Shorebirds winging their way back south

For the last few months birders’ eyes and ears have largely been focused on the passerines, also known as the perching birds or the songbirds. By the second week of July these birds have largely completed their breeding cycle for the year and, as a consequence, bright breeding plumages are moulted for more ordinary, workaday feathers, the exuberant song of springtime is no more, and there are lots of young, recently fledged birds around. At the same time, many species of shorebirds, which migrate huge distances to breed in the Arctic, are already winging their way back south to the warmer climes where they winter. These are now appearing at the Sunshine Coast’s favoured shorebird locations such as the Wilson Creek estuary and the head of Porpoise Bay. The movement began on June 28 when least, western and semi-palmated sandpipers, and both greater and lesser yellowlegs were reported at Wilson Creek and the Oyster Bay estuary in Pender Harbour. 

One species much in evidence this summer is evening grosbeak, which is notable and easily identified by its yellow, black and white plumage and its huge bill. Finches in general, and these grosbeaks in particular, are itinerant and wander widely across the continent in search of the best food supply, and the Sunshine Coast seems to be blessed with an abundance of these birds this year. I frequently hear them flying overhead with their repeated “chewp, chewp” flight call. Several people have sent me photos of this species.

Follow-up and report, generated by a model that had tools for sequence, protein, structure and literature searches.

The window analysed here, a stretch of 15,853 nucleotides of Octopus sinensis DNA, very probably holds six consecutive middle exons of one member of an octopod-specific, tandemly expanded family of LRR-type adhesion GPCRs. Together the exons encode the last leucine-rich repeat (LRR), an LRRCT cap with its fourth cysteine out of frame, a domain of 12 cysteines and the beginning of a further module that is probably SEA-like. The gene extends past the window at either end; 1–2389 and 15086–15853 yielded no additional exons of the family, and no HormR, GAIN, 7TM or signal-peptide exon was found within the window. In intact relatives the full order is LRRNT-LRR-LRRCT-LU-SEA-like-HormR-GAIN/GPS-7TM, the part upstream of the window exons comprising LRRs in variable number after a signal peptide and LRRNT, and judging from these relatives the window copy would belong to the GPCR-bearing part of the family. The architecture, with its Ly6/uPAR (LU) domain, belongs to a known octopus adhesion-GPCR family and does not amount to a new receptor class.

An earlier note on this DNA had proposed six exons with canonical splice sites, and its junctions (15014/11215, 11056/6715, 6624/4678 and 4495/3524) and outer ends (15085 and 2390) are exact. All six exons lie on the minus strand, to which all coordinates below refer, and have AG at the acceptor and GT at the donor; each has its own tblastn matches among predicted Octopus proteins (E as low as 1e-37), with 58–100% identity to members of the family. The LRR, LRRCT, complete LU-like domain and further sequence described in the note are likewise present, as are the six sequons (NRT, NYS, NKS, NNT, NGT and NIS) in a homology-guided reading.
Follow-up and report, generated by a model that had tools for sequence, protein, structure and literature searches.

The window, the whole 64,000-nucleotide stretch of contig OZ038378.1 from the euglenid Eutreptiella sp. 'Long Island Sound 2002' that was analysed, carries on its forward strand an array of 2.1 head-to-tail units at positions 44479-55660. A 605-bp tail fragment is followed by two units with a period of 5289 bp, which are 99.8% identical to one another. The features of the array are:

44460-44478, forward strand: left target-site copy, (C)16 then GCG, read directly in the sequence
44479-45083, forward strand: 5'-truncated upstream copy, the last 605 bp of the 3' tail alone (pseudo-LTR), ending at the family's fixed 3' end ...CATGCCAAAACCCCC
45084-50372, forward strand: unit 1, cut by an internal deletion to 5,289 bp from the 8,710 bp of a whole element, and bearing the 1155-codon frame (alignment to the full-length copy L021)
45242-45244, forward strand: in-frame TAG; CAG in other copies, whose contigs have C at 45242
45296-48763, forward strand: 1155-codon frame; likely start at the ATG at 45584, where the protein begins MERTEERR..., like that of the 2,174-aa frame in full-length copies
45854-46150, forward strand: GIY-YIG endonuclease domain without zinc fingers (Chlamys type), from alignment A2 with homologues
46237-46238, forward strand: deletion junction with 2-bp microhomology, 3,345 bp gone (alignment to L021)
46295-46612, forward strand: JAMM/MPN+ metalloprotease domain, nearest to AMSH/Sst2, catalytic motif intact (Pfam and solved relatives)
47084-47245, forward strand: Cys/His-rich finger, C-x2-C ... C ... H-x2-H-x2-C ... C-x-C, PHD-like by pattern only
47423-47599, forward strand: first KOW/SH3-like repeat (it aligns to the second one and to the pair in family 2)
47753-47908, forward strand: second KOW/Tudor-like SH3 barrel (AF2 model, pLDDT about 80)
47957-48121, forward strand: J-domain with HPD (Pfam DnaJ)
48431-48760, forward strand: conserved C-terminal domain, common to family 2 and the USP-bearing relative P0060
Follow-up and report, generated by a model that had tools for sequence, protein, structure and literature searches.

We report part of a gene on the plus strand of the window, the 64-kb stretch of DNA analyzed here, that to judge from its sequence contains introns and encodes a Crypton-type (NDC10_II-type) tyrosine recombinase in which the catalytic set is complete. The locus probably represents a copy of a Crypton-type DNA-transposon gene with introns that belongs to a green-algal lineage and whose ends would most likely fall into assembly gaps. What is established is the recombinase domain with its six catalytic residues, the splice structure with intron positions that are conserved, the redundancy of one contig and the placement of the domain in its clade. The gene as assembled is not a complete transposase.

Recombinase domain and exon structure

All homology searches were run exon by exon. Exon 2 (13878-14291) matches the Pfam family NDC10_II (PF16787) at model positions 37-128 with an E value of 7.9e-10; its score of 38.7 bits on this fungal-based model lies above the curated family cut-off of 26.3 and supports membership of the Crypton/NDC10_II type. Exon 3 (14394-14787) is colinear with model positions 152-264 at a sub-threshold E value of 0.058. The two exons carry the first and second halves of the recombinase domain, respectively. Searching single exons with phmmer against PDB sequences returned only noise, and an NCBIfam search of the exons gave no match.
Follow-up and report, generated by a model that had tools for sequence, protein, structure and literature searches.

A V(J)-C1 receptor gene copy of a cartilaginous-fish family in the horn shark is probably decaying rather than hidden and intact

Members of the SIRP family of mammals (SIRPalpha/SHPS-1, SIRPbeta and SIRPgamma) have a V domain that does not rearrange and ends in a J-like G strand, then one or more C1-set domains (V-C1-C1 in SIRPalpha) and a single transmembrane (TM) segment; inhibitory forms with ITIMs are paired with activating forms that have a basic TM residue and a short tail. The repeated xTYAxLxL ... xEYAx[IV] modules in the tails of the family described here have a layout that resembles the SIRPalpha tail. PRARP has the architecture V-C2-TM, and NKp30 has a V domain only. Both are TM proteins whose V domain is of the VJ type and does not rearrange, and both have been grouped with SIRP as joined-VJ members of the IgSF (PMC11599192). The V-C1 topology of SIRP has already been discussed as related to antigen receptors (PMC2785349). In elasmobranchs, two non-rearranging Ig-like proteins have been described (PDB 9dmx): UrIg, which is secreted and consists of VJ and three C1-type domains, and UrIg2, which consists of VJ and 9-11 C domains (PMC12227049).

Two notable rare species have recently visited us. For a week beginning on June 22, a yellow-breasted chat was present in the shrubby vegetation on the powerline right-of-way between Sechelt Hospital and the Hydro substation. This was only the second Sunshine Coast record of this large, yellow, aberrant warbler that is usually only present in Canada in the Okanagan. It was seen by all the keen local birders. 

On July 5, Arnold Skei was scoping the White Islets from the end of Jack Road in Wilson Creek and spotted the distant but distinctive profile of a pelican perched on the rocks. Later that day, Ian Bolden was kayaking near White Islet and photographed and videotaped the juvenile brown pelican. Brown pelicans appear irregularly in the Salish Sea in the months from June to November. This was the first report since 2012. Brown pelicans have been mooted as a species which might move northwards to B.C. in response to global warming, but the eight-year gap since 2012 does nothing to support this idea.

To report your sightings or questions contact tony@whiskeyjacknaturetours.com or 604-885-5539. 

Good birding.

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